So you’ve gotten into K-pop . Yay! It’s fun, right? You may have even worked your way around the language barrier by reading fan translations and marveling at the overachievers who’re learning to read and write Hangul. But when stans start throwing around words like idol, fighting, and all-kill, are you left scratching your head in confusion? What’s with all the ㅋㅋ comments after BTS’ Jin posts a dad joke? And why are people buying bongs for upcoming concerts? That’s not even legal. (Or is it?) We’re here to help you out with some K-pop words and phrases that may not be in your vocabulary… yet.
A somewhat sinister phrase for an awesome achievement. An all-kill refers to a song hitting the No. 1 spot on all of the Korean music charts.
This English portmanteau is made from baby-face and glamorous (read: sexy!) body. Though most often used to describe female idols (Bae Suzy), male cutie pies like 2PM’s Nichkhun also fall into this category.
Favorite member. (A bias wrecker is your fave’s bandmate who is thisclose to swaying your allegiance.)
Noooooooo! We’re not talking about the device used for smoking pot. In K-pop parlance, bong refers to light sticks. TWICE fans’ lights are called the Candy Bong, but Big Bang’s alliteration game is strong with their Bang Bong.
You don’t have to wait years (or decades) for a comeback in K-pop! Each new release is a comeback, complete with teasers, music videos, and often detailed concepts. And though groups can have more than one comeback a year, each is treated like a long-awaited surprise. Fans love it, and it’s honestly one of the most fun treats for K-pop stans.
When you hear your bias say this, don’t worry. They’re not about to throw down. Koreans use this word to show encouragement and support. The English equivalent would be, “Good luck,” but where’s the fun in saying that?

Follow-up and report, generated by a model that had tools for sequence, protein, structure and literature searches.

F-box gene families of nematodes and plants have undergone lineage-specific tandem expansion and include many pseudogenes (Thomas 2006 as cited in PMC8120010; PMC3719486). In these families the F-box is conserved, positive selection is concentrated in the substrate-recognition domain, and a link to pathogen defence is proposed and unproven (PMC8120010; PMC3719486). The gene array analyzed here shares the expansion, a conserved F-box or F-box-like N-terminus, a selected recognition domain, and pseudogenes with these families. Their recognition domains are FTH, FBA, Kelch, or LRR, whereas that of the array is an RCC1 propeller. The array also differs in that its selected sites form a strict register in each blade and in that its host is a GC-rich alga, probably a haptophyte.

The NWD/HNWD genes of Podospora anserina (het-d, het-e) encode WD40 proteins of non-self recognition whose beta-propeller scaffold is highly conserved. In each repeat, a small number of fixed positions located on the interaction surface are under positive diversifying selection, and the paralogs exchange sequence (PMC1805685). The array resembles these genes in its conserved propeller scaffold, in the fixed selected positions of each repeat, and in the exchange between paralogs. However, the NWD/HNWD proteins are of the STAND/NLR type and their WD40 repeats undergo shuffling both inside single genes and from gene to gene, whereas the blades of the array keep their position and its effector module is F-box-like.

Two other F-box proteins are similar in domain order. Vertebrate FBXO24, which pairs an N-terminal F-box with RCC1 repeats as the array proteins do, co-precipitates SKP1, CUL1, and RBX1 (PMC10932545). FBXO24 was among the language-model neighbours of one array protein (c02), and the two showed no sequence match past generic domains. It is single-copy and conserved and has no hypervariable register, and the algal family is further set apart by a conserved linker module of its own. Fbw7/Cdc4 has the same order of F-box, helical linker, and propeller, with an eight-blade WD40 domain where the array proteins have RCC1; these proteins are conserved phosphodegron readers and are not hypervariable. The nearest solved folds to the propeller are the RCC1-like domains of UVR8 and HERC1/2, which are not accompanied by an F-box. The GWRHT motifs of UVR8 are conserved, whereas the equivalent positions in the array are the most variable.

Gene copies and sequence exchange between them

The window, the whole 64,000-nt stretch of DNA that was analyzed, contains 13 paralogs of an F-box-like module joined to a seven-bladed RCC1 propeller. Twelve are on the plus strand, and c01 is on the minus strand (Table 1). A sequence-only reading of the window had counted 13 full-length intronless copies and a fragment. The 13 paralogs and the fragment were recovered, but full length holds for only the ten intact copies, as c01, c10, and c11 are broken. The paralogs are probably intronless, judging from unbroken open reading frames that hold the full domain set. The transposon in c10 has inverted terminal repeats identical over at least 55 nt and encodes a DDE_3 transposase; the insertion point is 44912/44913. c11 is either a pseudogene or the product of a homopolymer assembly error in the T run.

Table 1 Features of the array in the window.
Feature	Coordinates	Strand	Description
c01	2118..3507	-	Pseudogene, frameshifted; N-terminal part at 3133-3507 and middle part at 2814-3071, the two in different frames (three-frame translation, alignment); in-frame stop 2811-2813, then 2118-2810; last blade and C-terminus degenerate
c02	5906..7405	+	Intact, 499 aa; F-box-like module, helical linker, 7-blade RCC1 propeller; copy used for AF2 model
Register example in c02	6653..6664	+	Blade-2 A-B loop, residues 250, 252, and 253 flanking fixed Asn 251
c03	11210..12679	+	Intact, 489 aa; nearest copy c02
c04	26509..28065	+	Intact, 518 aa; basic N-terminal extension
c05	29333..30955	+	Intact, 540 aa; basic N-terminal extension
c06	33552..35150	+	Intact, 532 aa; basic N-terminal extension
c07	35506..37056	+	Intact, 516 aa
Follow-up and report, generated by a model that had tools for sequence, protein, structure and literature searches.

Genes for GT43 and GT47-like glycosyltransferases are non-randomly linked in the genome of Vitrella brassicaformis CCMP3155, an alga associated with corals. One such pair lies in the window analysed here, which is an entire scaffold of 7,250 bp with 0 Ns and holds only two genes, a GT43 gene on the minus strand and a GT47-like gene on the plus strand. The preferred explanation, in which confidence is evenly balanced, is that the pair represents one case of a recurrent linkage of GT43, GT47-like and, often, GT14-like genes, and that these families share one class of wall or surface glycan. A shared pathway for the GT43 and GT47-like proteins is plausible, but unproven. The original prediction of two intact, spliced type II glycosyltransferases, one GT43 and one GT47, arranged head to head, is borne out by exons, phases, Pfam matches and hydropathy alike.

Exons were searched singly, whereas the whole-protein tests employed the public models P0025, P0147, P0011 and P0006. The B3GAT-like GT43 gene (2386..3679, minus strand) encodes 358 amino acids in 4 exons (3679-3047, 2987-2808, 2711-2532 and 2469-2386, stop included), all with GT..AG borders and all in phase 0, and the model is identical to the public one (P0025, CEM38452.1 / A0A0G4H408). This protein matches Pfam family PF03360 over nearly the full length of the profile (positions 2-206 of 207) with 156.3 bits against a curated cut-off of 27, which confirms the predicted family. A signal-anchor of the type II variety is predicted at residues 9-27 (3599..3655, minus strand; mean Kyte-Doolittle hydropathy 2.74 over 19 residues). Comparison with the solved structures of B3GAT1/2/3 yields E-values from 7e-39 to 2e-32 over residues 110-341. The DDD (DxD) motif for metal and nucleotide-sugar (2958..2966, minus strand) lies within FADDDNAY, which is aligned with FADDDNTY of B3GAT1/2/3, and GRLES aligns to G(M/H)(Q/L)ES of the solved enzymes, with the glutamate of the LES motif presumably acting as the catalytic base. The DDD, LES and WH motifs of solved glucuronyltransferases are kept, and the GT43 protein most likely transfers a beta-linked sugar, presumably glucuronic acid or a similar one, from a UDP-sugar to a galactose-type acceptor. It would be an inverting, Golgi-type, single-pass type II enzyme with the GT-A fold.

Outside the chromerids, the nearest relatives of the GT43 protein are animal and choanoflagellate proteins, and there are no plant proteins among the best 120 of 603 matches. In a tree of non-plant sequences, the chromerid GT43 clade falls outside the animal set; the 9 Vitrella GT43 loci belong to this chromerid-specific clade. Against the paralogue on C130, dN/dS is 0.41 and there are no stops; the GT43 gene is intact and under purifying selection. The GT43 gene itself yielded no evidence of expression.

Maknae means the youngest. Golden maknae refers to the youngest member of the group who is effortlessly good at everything.
A perk for fans who are willing to shell out extra money, hi-touch is K-pop vernacular for a high five. After concerts, fans will get the chance to say a few words as they quickly high-five the group.
Once upon a time, Korean singers were called gasu. Today they’re idols.
Pronounced “kieuk,” this is the Korean equivalent of “ha ha.”
K-pop concerts usually run about two to two and a half hours with no opening acts. When they’re not singing and dancing, idols pepper their shows with ments — little speeches to show their appreciation. It’s something to look forward to because while the idols will joke around and make the crowd roar with laughter, they also share touching stories that make many fans weep.
Overly invested fans who cross the line and are more akin to stalkers. We’re not talking about asking for an autograph at a fan meeting, but repeatedly invading an idol’s privacy. A German sasaeng bought business class seats on the same flight as TWICE and attempted to give Nayeon a handful of letters he had written.
The best-looking in a group full of ridiculously good-looking members.
Ready for more?
Check out this handy chart from Koreanclass101.com